As for the end of FB, I really couldn't stand the thought of a happy threesome strolling into the sunset (or even off a cliff)--there had never been a happy threesome anyway, although Clarissa had had her moments with it (greedy girl). I'd say it's a vaguely optimistic ending. Possibilities are presented. I felt it was an ending in keeping with the rest of the book and it was a reversal of the beginning, which I liked a lot: sailing in the opposite direction, for a start.

Lil said...

Pam,

Very interesting post. It is a funny thing with the strong reactions I see among romance readers and the insistence for a happy ending.

And as for my imagination and the whisk...the former is not cooperating and my mind is still boggling at the usage of the latter for other than the normal kitchen purpose.

Jane,

I have heard good things about Forbidden Shores. People did mention that the ending was not traditional but that doesn't make me balk. I bought a copy yesterday.

Jane Lockwood said...

Lil thanks for buying my book!

Oh yes, the whisk. I remember the whisk. Sorry to hear about your, ah, frustrating retail experience, Pam.

Pam Rosenthal said...

Well, you know, Jane, I have to admit that I wrote exactly that cozy retreat for the end of Almost a Gentleman, which is by far my most popular romance novel. And I'm still having be-careful-what-you-wish-for thoughts about it. In some ways I prefer the end of The Bookseller's Daughter, where the class differences of the h&h are never quite resolved. And The Slightest Provocation, which is a little more of a leap into the unknown.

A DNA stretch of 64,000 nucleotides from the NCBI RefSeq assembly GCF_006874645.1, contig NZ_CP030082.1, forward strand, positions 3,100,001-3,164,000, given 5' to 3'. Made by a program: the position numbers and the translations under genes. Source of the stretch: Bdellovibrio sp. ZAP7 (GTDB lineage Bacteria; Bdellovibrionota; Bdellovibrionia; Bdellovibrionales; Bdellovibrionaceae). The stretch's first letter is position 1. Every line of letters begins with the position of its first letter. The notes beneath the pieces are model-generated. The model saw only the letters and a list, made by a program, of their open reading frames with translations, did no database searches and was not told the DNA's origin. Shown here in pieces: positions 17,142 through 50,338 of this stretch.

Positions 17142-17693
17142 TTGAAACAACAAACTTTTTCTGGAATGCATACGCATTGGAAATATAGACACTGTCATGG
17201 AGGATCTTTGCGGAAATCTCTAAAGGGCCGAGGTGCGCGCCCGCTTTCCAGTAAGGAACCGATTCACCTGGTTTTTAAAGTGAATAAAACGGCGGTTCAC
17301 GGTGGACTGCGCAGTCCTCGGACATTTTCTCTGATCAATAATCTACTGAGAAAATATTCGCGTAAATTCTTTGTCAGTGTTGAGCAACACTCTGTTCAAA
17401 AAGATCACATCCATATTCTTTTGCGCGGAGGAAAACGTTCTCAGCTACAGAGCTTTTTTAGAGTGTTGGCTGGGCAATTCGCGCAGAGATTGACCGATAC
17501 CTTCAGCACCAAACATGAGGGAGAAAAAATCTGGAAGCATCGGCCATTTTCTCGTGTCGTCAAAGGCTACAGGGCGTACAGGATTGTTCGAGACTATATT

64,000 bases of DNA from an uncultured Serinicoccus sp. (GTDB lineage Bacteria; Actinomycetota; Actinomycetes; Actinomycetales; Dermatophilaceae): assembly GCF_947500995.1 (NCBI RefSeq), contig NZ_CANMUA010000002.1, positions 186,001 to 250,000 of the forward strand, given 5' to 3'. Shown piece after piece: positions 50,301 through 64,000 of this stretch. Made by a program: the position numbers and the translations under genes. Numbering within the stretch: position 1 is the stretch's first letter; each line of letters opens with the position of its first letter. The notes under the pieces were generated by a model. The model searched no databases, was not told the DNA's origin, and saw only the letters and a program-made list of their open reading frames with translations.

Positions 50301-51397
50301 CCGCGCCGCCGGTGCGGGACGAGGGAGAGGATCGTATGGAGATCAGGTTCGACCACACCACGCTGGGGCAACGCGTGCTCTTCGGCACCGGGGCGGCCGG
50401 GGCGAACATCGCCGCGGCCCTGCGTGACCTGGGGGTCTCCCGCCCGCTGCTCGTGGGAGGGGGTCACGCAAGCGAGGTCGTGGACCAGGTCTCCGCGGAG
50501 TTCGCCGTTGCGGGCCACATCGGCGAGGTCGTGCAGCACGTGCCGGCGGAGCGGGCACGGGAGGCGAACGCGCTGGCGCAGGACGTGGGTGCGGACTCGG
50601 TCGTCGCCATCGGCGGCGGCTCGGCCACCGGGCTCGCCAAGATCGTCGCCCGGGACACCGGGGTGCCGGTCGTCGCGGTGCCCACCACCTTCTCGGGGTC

It's a funny thing, lil, about romance readers' insistence on a happy ending. I can understand it, and yet I can't. In some ways I can understand the "real life is tough enough" argument. But in other ways -- hell, I'm shy and timid enough in real life; it's only in my reading, really (and perhaps, sometimes in my writing) that I'm brave and adventurous enough for risks, surprises, and challenges.

And as for the whisk, lil.. It's a real thing, I promise -- a genuine, if very subtle, pleasure.

Eva Gale said...

HEAs. Hmm, I don't NEED them, but I would say that when I pick up a romance I expect it to have an resolved uplifting ending. I don't need pumpkin carriages, but I need to know that the couple/people are better off and closer than when the journey began. If it's shelved as fiction-anything goes.